Long Term Care System Profile: Costa Rica

System Profile: Costa Rica


Alexander Chaverri-Carvajal (University of Costa Rica)

Leonardo Obando Viquez (Tax attorney at Ministry of Human Development and Social Inclusion)


The long-term care system in Costa Rica is in its nascent stage. It was established through Executive Decree in 2021 and subsequently formalized by national law in 2022[1]. It represents the first national LTC system in a middle-income country. The system inherits a pre-existing landscape of public services that are underdeveloped, fragmented, and primarily limited to day centres and a limited number of publicly funded residential care facilities. Private provision of LTC services is limited, resulting in most services being informally provided by women within families. Community-based care for older people, which forms the core of elderly care services in Costa Rica, is decentralized in terms of service delivery, with all services being provided by non-governmental organizations (NGOs), albeit with funding originating from the central government. The inception of the system was marked by the fiscal tightness faced by the country, which implies a shortage of public funding. In a comparative context with other OECD member countries that normally allocate an average of 1.5% of GDP[2], Costa Rica begins the implementation of its National Care System (NCS) by investing approximately 0.1% of its GDP in social LTC[3]. Key challenges for implementation include coordination and identification of new sources of funding.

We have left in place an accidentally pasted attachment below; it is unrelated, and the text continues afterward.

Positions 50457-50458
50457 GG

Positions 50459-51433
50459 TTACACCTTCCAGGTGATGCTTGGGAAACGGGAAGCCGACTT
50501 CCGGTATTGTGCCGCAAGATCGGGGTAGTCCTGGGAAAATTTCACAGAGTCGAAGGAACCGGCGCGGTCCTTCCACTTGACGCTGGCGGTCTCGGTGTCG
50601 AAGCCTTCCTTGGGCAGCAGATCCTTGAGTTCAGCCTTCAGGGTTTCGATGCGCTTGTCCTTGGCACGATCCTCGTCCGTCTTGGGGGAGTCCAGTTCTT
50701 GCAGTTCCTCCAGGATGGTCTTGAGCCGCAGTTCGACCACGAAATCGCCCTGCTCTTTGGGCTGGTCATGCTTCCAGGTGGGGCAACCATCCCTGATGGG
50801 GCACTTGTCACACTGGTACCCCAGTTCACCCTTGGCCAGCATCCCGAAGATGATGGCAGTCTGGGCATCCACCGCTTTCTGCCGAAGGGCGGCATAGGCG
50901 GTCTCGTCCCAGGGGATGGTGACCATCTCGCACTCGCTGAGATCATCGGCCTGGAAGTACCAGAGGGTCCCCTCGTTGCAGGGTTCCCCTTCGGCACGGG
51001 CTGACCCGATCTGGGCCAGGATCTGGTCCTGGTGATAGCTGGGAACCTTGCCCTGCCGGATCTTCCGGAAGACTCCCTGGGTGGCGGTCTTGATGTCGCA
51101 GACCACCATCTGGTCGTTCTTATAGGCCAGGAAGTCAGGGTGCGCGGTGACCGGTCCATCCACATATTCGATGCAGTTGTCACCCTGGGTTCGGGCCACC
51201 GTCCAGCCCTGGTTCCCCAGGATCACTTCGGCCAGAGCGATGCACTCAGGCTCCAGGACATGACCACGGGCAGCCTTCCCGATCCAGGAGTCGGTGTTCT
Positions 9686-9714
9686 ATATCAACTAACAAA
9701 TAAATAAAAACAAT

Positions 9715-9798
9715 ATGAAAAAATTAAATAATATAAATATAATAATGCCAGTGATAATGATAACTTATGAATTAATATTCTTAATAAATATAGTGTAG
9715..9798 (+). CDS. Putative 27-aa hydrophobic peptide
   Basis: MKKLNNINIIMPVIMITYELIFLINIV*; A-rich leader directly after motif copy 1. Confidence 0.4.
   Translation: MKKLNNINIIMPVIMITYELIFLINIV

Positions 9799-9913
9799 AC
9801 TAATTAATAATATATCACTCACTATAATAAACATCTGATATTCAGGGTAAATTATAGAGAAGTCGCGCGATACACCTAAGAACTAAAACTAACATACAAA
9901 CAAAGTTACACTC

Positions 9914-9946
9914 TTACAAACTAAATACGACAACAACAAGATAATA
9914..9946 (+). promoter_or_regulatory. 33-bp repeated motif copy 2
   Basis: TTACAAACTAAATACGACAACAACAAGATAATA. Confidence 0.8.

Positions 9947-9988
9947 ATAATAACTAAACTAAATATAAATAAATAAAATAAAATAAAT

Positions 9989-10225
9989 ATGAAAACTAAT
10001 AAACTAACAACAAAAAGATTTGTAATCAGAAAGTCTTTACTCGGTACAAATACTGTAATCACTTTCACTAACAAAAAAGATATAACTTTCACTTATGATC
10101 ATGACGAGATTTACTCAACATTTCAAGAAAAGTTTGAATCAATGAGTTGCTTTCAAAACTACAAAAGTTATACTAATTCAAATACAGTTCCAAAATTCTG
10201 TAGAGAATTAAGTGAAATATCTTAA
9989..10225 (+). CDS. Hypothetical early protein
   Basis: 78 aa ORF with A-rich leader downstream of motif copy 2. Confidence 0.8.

Governance and system organisation

The governance framework of the system is based on Executive Decree 42878-MP-MDHIS, the National Care Policy 2021-2031 titled “Towards the progressive implementation of a Care and Dependency Support System”[4] and Law No. 10192, which establishes the “Creation of the National System of Care and Support for Adults and Older Adults in Situations of Dependency (SINCA)”[5].

The system brings together different institutions that must adjust their programs to include care for people who are dependent on care by others. The target population are adults assessed as being dependent. The NCS is run under the umbrella of the Ministry of Human Development and Social Inclusion, with technical support from the Mixed Institute of Social Assistance (IMAS).

The National Care System (NCS) is managed by the National Care Secretariat, based in the Ministry of Human Development and Social Inclusion. Its primary function is to organize and coordinate measures and resources of the different institutions that make up the NCS for inter-institutional coordination in the system to fulfill its functions. The Ministry of Labor and the National Apprenticeship Institute are part of the system. Their inclusion, in conjunction with the National Women’s Institute, is intended to generate a mechanism to facilitate women’s (re-)entry into the labor market both as trained caregivers and if they had to leave their jobs to care for a dependent person at home because they had no other alternative. The NCS has two levels of organization. At the national level, the NCS brings together the management of the institutions that make up the system. This is where high-level decisions are taken. At the regional level, the Regional Intersectoral Councils of the social area coordinates everything related to coverage and adequacy of benefits. Before the enactment of the NCS, care programs were restricted only to poor or vulnerable people. The new policy will progressively advance towards universality of care. Through co-payments, also non-poor people in need of care can access the NCS offer. The scale of co-payments will be family income-related and will be published in November 2023; poorer people will be exempted from payment.